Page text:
Squirrel Hill stores quickly recovering after fire on Forbes

Squirrel Hill stores quickly recovering after fire on Forbes

Anyone driving down Forbes Avenue through Squirrel Hill in the last two weeks probably noticed a hole in the business district’s usually bright storefronts: Levin’s Furniture, which opened just 17 months ago, was totally boarded up.
The furniture and mattress store was the site of a large fire the morning of April 7 that gutted the front of Levin’s and caused smoke damage to the adjacent Littles Shoes and Bangkok Balcony, a Thai restaurant on the top floor. All three sites have remained closed since the fire; there were no injuries reported.
But the 5800 block of Forbes Avenue is making a swift recovery, as the stores’ staffs work to prepare for their reopenings.
“We’re going to rebuild,” said Robert Levin, owner of Levin’s Furniture. “We have to wait until we’re given the green light by various inspectors, who need to check to make sure that everything is sound — the walls, ceilings. That process is still going on.”
Levin estimated that store damages totaled $50,000.
While passersby the morning of the fire saw a storefront ravaged by flames, Levin’s director of business development, Joe Fleckenstein said, “The level of damage was confined to [the] front 10 feet of the store — the severe damage.”
According to Fleckenstein, a gas meter in the front of the store caused the extreme damage visible from the street when it caught fire and went on to blow out the storefront window.
“The rest [of the store] was simply smoke and water damage,” Fleckenstein said.
The fire began when “a small light on a display overheated and caught something flammable on fire,” said Levin. “It was bad luck that it was right next to the gas line.”
Next door, Littles Shoes owners Joel Sigal and his son Justin rushed everyone out of their store as soon as they noticed the fire; both Levin’s and Bangkok Balcony were unoccupied when the fire began.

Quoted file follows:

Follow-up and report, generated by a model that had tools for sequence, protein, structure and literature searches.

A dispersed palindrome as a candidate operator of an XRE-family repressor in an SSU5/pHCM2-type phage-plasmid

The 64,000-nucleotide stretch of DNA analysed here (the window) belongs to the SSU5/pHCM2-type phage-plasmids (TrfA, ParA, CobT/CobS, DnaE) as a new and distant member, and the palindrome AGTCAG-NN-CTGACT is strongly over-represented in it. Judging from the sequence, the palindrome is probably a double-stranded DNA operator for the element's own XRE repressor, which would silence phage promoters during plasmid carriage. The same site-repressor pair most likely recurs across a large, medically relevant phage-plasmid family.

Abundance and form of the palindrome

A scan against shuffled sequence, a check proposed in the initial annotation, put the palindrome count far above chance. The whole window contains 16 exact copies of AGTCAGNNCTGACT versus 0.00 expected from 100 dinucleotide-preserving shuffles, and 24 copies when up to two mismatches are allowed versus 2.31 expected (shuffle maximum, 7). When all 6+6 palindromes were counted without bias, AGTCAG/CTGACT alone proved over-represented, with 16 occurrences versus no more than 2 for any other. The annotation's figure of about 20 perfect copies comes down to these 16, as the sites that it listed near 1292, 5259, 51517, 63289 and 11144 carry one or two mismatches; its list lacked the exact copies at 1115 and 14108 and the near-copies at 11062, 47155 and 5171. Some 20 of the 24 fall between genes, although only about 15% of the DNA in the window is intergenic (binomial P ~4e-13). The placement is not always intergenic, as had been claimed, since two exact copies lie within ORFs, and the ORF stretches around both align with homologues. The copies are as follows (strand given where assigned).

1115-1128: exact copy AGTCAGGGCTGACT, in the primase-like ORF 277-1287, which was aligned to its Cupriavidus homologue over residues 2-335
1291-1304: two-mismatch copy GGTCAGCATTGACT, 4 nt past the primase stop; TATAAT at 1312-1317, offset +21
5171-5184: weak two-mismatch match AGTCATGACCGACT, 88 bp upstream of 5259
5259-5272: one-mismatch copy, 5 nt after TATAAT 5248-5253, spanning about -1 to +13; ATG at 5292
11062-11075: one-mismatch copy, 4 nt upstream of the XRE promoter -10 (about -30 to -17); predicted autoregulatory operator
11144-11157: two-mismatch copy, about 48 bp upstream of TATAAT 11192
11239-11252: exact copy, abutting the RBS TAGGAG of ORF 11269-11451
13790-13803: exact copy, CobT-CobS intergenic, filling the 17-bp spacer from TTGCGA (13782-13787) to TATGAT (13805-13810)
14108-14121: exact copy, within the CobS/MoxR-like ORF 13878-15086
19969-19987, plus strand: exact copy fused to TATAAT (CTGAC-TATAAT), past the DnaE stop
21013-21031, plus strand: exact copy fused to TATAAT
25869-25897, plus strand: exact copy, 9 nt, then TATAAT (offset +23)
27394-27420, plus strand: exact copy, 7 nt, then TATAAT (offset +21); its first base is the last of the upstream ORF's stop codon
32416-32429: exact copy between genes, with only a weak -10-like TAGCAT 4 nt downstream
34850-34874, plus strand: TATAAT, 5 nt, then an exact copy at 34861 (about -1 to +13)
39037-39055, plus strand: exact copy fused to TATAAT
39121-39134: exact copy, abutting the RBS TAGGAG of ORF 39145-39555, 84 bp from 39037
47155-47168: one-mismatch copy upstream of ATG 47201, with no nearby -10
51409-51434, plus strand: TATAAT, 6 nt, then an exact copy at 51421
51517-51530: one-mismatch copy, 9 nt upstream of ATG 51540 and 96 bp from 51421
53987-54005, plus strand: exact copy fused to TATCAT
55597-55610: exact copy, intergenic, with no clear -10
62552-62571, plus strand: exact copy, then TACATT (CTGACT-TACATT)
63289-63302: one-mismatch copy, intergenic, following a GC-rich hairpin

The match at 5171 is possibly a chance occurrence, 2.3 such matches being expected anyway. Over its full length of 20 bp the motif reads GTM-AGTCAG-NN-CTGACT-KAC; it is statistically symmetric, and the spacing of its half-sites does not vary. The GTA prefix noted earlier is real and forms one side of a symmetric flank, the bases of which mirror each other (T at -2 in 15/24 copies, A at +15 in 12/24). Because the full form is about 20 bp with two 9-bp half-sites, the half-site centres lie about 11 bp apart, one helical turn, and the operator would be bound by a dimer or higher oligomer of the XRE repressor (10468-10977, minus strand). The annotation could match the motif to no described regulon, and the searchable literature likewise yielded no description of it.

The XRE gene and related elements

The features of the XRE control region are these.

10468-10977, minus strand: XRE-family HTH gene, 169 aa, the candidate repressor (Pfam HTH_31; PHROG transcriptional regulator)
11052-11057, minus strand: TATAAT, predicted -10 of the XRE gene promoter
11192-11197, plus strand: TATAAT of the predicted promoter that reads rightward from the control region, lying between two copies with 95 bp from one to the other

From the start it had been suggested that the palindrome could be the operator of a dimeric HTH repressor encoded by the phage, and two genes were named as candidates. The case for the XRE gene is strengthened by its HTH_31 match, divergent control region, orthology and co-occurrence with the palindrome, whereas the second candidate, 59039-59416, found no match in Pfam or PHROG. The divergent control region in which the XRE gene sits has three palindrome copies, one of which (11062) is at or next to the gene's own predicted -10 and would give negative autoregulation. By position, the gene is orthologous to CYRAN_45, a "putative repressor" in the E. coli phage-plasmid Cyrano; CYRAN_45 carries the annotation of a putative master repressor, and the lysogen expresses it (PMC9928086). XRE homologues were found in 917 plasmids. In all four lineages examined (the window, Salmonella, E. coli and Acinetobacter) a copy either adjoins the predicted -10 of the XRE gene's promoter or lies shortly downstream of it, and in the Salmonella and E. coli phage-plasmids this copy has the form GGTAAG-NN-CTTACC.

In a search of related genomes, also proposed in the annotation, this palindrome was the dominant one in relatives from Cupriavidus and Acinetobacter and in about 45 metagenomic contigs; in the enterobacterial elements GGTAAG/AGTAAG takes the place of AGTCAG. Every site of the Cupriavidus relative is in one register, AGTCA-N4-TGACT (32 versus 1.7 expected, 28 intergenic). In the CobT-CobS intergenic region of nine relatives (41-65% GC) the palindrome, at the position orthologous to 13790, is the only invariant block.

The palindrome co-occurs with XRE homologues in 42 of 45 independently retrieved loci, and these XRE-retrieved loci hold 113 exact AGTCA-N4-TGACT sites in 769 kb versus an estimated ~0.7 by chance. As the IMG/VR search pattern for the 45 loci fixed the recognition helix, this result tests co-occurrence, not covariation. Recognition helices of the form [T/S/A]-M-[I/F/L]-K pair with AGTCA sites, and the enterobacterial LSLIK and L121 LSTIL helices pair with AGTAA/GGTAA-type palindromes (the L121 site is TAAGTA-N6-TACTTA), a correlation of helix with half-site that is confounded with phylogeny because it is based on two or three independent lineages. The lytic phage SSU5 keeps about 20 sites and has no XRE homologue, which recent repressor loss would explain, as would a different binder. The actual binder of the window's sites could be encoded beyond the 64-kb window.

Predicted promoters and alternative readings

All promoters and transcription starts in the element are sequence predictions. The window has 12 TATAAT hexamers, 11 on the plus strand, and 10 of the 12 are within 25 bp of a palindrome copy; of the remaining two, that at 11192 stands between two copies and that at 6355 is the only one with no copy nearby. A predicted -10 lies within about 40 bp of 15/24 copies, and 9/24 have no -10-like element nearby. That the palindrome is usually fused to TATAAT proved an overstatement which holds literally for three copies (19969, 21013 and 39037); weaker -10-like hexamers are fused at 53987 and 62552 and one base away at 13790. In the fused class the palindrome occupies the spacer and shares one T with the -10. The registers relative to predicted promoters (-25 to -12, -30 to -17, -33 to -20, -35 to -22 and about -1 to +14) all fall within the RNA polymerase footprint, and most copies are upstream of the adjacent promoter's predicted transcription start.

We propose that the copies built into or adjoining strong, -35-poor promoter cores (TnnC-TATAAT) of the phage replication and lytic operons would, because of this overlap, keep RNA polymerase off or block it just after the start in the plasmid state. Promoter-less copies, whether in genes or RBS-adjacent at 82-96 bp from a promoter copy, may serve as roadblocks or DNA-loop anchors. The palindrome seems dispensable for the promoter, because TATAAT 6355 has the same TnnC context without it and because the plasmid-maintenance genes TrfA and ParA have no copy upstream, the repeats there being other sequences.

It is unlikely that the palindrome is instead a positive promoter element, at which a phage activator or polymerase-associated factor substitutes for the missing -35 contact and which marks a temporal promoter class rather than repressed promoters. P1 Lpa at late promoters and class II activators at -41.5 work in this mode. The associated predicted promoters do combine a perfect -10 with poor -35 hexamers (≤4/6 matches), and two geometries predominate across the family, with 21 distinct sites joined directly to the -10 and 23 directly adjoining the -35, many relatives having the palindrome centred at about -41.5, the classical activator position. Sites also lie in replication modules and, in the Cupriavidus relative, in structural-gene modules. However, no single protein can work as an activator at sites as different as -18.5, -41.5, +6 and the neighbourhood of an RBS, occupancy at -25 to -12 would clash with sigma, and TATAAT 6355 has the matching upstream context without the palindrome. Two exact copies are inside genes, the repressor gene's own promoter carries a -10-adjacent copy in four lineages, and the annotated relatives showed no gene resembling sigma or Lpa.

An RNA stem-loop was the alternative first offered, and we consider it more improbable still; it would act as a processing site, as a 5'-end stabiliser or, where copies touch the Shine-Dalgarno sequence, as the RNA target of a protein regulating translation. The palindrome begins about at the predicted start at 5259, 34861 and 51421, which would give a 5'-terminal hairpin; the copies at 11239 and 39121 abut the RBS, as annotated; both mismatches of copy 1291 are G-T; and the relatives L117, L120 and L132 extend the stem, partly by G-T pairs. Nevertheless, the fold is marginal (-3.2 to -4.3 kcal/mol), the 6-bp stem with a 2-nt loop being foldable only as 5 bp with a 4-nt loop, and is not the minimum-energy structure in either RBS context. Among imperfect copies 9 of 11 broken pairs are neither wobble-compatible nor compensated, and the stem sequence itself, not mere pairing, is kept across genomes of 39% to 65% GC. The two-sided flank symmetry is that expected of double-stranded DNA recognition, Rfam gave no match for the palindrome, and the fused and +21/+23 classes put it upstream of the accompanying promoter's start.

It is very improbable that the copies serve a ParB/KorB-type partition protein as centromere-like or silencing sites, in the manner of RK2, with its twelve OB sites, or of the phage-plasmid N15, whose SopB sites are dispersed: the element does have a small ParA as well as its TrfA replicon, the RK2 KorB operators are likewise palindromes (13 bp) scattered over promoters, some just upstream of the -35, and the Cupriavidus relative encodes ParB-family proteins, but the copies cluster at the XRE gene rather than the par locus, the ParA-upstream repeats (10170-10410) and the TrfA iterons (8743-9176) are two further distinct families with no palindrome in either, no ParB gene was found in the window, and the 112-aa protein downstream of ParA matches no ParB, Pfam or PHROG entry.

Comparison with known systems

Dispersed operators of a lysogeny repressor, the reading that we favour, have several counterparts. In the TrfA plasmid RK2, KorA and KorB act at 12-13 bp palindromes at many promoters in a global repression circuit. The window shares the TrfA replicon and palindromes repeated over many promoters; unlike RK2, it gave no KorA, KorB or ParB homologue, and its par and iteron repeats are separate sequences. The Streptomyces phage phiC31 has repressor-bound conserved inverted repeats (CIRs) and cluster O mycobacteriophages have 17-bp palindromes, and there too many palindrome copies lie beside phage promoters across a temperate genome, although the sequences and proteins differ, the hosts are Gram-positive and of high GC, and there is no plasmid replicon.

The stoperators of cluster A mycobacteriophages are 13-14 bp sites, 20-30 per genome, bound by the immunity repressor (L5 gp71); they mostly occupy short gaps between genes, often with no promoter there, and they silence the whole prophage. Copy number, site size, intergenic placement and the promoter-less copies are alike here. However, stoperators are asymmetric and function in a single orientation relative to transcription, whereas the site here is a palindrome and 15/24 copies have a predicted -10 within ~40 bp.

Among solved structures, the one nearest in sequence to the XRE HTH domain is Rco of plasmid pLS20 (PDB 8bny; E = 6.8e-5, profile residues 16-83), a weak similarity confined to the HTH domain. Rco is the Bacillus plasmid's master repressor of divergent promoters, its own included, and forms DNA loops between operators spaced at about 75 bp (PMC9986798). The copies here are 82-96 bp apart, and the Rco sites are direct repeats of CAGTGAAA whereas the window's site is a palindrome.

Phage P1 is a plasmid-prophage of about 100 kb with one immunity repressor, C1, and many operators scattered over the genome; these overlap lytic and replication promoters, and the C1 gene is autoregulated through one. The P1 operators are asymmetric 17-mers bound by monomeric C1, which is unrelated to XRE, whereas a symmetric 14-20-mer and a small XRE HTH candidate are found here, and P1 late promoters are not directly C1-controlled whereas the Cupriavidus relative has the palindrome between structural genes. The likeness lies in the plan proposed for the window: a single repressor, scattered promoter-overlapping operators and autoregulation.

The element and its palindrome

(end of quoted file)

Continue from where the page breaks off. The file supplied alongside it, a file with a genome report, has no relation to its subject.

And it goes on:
“After a while, it looked like we were in trouble,” said Justin Sigal. “The store was filled up with smoke completely — the store was all black. No one waited to smell smoke to get out. It was a real fire, so we were out of there.”
While Levin’s carried very little inventory in the store, as the majority of merchandise is delivered from the company’s warehouse, Fleckenstein said, “there were no deliveries interrupted. Every customer who had pickups with us has received their merchandise.”
There are also six additional Levin’s locations in the Pittsburgh area.
Eileen Nareedokmai, co-owner of Bangkok Balcony, as well as Silk Elephant, said the restaurant is about “four weeks from reopening.”
She described the damage to the restaurant, located directly above Levin’s, as moderate.
“Our progress is interdependent on Levin’s progress,” she said. “When they get their space all cleared out, then we’ll be able to seal our space.” Work to be done in the restaurant, she said, includes replacing windows, redoing the stairwell and rebuilding a wall.
Little’s Shoes “lost everything,” said Justin Sigal. “We needed new carpet, ceiling tiles, shoes and socks” due to smoke damage. The only part of the store with actual fire damage was its outside awning.
“Our shelving in the back was safe,” he said, “but everything’s being wiped down a million times.”
Littles reopened on April 21, within the next week, which “is pretty amazing,” said Sigal.
He spoke to the outpouring of support from the community: “Anyone we’ve needed to help fix things has reacted and been phenomenal. The shoe community has been amazing as well, getting us product, almost stopping what they were doing to get us shoes so we can get back in business. There have been a lot of nice gestures from vendors on the street — seeing if we need coffee, need food. Customers have even called to see how they can help out. It’s been amazing.”
Levin said he also “appreciates the patronage of our customers so far. We’re certainly sorry for the inconvenience. I know it’s an eyesore.”
Levin said he was unsure how long the rebuilding process would take before the store will reopen, but it will be “as soon as possible.”
But more important than any store damage, said Levin, “we’re just very fortunate, grateful and lucky that the fire didn’t occur when the businesses were occupied. That would’ve been serious.”

(Justin Jacobs can be reached at justinj@thejewishchronicle.net.)

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